AskDefine | Define calx

Dictionary Definition

calx n : a white crystalline oxide used in the production of calcium hydroxide [syn: calcium oxide, quicklime, lime, calcined lime, fluxing lime, unslaked lime, burnt lime] [also: calces (pl)]

User Contributed Dictionary

English

Etymology

From calx ‘lime’.

Pronunciation

/kælks/

Noun

  1. The substance which remains after a metal or mineral has been thoroughly burnt, seen as being the essential substance left after the expulsion of phlogiston.
  2. (Now recognised as being) the oxide left after calcination of a metal.
  3. calcium oxide

Latin

Pronunciation

Etymology 1

Ancient Greek χάλιξ pebble

Derived terms

Declension

Third declension; I-stem, base of 2 consonants (3:B2C).

Etymology 2

Possibly from an extension of the Proto-Indo-European root *(s)kel- "to bend", whence also Greek σκέλος leg.

Noun

calx, calcis f
  1. heel, part of the foot on the backside where it becomes the leg

Declension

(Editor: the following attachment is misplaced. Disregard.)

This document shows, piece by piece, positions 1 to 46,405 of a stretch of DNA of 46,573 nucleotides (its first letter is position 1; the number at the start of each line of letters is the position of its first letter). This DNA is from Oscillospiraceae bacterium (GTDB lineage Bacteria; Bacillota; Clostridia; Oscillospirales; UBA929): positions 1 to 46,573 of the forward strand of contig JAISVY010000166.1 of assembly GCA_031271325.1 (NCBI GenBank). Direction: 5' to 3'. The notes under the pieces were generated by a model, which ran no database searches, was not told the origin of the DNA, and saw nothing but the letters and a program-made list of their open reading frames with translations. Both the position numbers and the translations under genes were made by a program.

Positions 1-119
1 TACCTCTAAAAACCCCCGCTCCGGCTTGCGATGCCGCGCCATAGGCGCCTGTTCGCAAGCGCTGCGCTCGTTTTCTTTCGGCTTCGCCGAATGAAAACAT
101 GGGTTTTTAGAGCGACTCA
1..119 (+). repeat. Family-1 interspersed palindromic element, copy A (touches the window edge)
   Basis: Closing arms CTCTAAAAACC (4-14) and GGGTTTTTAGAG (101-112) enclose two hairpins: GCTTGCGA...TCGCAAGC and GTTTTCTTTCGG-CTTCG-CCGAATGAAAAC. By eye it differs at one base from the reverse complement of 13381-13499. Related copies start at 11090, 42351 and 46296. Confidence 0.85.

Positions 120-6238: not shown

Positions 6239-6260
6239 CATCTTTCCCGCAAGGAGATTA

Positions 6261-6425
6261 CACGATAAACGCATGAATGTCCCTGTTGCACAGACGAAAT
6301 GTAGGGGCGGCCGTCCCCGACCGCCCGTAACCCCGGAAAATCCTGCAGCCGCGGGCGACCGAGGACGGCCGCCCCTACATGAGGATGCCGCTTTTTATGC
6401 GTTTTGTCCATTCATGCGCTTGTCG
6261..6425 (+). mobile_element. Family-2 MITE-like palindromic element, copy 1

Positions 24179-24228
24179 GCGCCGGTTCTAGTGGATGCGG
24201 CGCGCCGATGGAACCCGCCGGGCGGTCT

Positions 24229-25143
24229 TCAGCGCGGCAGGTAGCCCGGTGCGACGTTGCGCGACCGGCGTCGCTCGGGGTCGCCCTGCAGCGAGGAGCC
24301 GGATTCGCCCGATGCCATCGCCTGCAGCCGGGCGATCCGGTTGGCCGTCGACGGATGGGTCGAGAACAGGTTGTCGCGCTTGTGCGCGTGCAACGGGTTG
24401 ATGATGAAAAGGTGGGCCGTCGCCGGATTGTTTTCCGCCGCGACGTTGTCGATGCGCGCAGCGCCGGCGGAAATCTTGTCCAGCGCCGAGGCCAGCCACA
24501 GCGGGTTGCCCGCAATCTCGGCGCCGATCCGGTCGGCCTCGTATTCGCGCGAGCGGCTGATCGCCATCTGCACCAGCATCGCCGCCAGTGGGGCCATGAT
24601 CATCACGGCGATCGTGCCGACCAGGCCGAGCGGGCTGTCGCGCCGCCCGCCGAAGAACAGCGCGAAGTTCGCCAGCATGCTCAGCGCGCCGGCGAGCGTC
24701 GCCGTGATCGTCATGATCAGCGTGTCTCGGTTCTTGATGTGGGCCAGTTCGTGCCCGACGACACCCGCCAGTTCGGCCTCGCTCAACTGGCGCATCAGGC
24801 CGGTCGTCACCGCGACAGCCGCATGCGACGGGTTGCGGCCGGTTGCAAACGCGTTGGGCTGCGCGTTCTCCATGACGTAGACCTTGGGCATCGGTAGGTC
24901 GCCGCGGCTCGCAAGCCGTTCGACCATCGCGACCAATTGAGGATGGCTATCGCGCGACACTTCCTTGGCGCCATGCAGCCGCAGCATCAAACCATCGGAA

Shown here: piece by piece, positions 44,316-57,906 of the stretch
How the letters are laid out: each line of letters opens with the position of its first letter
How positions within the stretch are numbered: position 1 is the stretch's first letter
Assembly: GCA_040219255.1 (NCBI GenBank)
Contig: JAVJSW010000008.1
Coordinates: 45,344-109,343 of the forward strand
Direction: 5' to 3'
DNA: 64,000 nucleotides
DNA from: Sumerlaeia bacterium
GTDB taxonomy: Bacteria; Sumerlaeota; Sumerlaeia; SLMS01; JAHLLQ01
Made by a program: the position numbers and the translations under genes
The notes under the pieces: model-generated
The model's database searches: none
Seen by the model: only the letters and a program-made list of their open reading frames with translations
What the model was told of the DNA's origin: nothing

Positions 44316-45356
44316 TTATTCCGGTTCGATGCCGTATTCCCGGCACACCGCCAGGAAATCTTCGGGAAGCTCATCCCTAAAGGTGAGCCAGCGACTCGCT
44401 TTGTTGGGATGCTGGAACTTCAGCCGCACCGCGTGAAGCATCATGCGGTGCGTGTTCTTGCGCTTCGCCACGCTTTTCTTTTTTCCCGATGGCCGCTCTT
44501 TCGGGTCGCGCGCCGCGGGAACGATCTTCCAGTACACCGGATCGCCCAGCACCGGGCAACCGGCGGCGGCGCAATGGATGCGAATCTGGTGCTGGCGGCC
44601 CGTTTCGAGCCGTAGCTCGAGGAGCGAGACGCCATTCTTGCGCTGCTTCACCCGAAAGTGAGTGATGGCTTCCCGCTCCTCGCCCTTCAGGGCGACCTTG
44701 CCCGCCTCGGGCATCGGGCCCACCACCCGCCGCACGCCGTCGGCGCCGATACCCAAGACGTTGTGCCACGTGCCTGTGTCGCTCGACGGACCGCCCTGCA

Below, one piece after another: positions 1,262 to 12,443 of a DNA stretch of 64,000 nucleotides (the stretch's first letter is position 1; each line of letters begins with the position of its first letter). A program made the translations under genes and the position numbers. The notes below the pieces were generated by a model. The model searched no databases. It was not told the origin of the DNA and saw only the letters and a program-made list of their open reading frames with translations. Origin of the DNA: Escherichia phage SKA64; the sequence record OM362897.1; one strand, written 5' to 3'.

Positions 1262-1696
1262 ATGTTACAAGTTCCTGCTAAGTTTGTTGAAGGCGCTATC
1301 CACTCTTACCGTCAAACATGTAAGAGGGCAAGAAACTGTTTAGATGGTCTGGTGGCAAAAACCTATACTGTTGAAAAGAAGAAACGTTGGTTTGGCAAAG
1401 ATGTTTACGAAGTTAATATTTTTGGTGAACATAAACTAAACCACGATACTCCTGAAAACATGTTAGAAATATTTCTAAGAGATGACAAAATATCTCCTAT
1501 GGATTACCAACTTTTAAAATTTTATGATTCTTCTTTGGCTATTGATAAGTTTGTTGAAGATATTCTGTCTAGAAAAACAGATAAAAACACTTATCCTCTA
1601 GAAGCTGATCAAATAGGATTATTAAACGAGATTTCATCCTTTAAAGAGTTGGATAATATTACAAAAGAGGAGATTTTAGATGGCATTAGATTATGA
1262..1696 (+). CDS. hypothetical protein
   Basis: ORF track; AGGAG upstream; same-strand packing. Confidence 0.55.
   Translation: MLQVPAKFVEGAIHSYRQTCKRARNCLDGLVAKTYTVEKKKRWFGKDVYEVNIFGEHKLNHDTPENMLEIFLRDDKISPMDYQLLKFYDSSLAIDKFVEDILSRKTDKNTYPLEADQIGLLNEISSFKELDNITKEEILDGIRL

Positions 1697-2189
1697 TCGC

Same as for Etymology 1.

Extensive Definition

Calx is a residual substance, sometimes in the form of a fine powder, that is left when a metal or mineral combusts or is calcinated due to heat.
Calx, especially of a metal, is now known as an oxide. According to the obsolete phlogiston theory, the calx was the true elemental substance, having lost its phlogiston in the process of combustion.
"Calx" is also sometimes used in older texts on artist's techniques to mean calcium oxide.

Etymology

Calx is a Latin word that is also the root for Calcium.

In Popular Culture

Synonyms, Antonyms and Related Words

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